Table 3.4: Change in Profitability and Productivity in 'Improvement in Agricultural Practices' Scenario
|Variable/Scenario||Base||Improvement in Agricultural Practices||Change (%)|
Table 3.5: Summary of selected variables, Base versus Alternative Scenarios
|Variable||Base||Fall in Output Price||Wage Rise||Inefficient Farm||Improvement in
|Unit cost of
Notes to Table:
a assumed to be determined external to the farm
b determined by the farm model
c Labour units hired multiplied by Wages
d Material units used multiplied by unit cost of Materials
e sum of Labour Cost and Materials Cost
f Total Revenue minus Total Variable Cost
NA not applicable.
In this document, we have highlighted the difference between productivity and profitability. Productivity is a measure of the output produced per unit input. 'Productivity change' is a measure of the change in this ratio. Profit is a measure of the excess of receipts over costs. Often it is measured as a ratio. For example, profit relative to total assets.
There are many different productivity and profitability measures. Each of these has a particular use. The user needs to ensure that he uses the right statistic for the task at hand.
This report shows that a productivity change, all else constant, will raise profit. By improving productivity, a farm is able to produce the same output using less input, or more output for the same input. If prices remain constant, this will increase profit.
Productivity is one of the main drivers of profit and, therefore, the viability of farms. However, an increase in profits (due, say, to an output price rise) will not improve productivity if all else is constant. For example, if output or input prices change then profit will also change, but productivity will not; prices have no effect on the way a farm transforms inputs into output.
If a farmer re-invests newly acquired profits in new technology, training or expansion, then this may – subsequently – improve productivity. Farmers who finance new investment through retained earnings need to build up their investment funds over some time period. A large gain due to (say) a sudden price rise may provide the farmer with enough funds to bring forward their investment plans, and hence invest in new technology relatively early. However, a farmer always has the option of using retained earnings for other things (a new car, his children's education, etc.).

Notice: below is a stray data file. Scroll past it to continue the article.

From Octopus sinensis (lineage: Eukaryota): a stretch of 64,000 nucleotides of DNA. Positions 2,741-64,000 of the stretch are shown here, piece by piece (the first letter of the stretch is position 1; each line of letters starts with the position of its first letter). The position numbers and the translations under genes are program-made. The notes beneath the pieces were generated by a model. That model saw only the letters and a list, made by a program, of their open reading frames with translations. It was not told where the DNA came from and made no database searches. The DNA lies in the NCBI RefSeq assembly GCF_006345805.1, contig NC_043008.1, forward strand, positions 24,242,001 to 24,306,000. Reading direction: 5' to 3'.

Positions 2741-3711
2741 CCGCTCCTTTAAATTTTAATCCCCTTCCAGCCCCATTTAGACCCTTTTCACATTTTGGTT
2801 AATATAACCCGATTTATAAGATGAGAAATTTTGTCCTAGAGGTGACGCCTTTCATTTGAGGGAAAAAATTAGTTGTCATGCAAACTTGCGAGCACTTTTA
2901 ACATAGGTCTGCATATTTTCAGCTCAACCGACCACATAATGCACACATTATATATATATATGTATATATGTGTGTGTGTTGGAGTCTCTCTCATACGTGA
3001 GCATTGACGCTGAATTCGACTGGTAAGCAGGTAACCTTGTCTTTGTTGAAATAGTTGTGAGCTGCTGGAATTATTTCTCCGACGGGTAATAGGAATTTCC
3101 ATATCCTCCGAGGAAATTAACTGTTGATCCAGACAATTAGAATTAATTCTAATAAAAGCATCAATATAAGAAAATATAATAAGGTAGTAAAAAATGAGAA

The Economics Branch is often interested in productivity measurement and the effect of research on productivity. Research affects the ability of farms to transform inputs into outputs. Therefore, to evaluate research the economist needs to know how it affects the production function, or productivity.
However, economists are not the only ones that are interested in productivity. Research administrators who allocate resources to agricultural R&D can think of the benefit from their work being derived from improvements in productivity. If research administrators focus on relative productivity gains (and hence benefits) from different research projects, they can better allocate research funds, and hence increase the
returns to the community from their investment.
Policy makers that are mindful of the important role that productivity plays in the economy can help ensure the viability of Victoria's agriculture industry. Because prices, and the competitiveness of international competition, do not remain constant, improvements in productivity are needed to ensure that Victorian farms survive. An improvement in an exporting industry's productivity may not improve profits if, for example, international prices fall because overseas competitors are also improving their productivity. Agricultural farms are on a treadmill. Productivity improvements are needed not only to thrive, but in many circumstances to survive.
Appendix: A Technical Explanation of Methodology
A.1 The Model
We use a logarithmic Cobb-Douglas8 production function with four inputs. Two are variable and the other two are fixed. We restrict our analysis to how the farm behaves in the short-run. The production function can be written as: